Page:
Musings from a Pastor, Educator, Wife, and Mother

Wednesday, July 27, 2016


One of my favorite poems that I have ever written.  I like to revisit it now and then.  Though it was reworked in 2008, I believe it began in a draft much earlier than that, maybe as early as 2002 or 2003. You might recognize some places...familiar homes to me, my childhood home in Hurt, VA, Montreat, Woodcreek Road, Camp Fincastle (which no longer exists as it did), and the Blue Ridge Parkway. Places where I would go to find sanctuary.  Places I still like to go.  Where do you seek sanctuary? 

Being an only child
I would run out
Into the center of a sun-ripened plain
Flop my tiny body
Into the weeds and look
Up into a satin sky
Watching cotton balls
Detach from one another
Forming their own identities
Being distraught by a boisterous crowd
I walked down the root-veined path
The clay soiling my toenails of opal
Beside Lake Susan I found myself
Perched on a protruding stone
I saw that it was lonely and wished
To be submersed in depth, just as I
Being one who loves to stargaze
I went out into the late-night world
And searching for warmth
Reached the road and sprawled
In the middle of its stretch
I wished on falling stars
Until the tangerine sun
Burnt away the violet sheath
Being lost in my faith
Feeling out of place stirred in
With the praise band
And the over-friendly psalm reciters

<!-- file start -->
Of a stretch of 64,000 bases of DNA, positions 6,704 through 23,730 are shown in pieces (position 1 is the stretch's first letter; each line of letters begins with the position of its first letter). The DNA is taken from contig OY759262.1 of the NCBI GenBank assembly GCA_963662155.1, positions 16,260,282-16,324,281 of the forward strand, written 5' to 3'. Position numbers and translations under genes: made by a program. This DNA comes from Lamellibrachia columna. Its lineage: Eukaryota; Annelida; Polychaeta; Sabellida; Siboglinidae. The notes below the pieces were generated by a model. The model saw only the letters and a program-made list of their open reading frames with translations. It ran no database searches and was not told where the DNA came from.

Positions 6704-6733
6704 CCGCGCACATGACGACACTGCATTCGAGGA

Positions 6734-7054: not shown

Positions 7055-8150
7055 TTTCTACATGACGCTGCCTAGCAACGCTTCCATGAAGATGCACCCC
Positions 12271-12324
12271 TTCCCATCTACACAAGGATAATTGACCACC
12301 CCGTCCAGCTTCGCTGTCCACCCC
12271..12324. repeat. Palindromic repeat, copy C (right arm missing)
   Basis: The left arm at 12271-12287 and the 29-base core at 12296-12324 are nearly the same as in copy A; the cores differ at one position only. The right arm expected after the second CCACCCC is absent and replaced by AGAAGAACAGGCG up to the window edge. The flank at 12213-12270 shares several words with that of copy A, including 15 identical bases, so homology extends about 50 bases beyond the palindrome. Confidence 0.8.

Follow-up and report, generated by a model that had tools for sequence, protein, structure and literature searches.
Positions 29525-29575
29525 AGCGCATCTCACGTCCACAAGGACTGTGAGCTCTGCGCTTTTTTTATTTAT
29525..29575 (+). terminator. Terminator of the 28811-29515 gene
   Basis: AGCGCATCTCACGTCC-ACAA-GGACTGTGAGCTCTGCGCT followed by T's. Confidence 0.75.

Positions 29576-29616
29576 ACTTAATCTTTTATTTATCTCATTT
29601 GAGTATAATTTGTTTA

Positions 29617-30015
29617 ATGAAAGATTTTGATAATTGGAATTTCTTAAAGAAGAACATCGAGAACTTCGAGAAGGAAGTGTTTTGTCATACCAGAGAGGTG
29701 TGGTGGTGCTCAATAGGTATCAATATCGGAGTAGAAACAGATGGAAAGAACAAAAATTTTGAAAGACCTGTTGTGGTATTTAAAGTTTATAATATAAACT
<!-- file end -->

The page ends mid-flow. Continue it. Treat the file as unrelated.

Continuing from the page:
Who somehow misplaced my existence
I walked out onto a rickety dock
Standing in the middle of a freezing, filthy pond,
And saw Jesus' face wink
At me through the muck
Being depressed as to why he left
I drove up the curvy parkway
Then wound back down again
Until a reached a clapboard church
Where I could overlook his valley home
Cry amongst the dead whose names I did not know
And mourn thoughts of reason
That should have brought me hope

Wednesday, July 20, 2016

A Mother's Prayer

"Thanks to your hidden providence, O my God, your hands did not let go of my soul."--St. Augustine

"Before I formed you in the womb I knew you, and before you were born I consecrated you; I appointed you a prophet to the nations."--Jeremiah 1:5

In July of 2002 my parents were hit by a drunk driver which caused my mother to suffer severe injuries.  While my mother lay in a hospital bed (at Roanoke Memorial) recovering from her deflated lungs and broken pelvis, experiencing the baby steps of which can only truly be understood when in full walking rehabilitation, she remained remarkably upbeat and faithful to the Lord, while I drew further away from the God which I no longer understood.  I questioned God's motive in our lives.  Why in the world would this happen to my family?  While I was thankful that my parents were alive and my mother remained so positive, I could not help but wonder why this was allowed to happen in the first place? What purpose did this serve?  Furthermore, how in the world was she not as angry and frustrated as I was?

There is something you need to understand; my mother could do laps around me before all of this happened; she was quick and sharp and witty.  Now her vision was impaired, her breathing was weak, and she had no appetite to speak of.  Despite all of her physical challenges and her mind's fogginess due to strong medications she rejoiced in the tiny miracles she experienced.  This included her going to the bathroom on her own and walking to the end of the hall and back without feeling dizzy from lack of air filling her scarred lungs.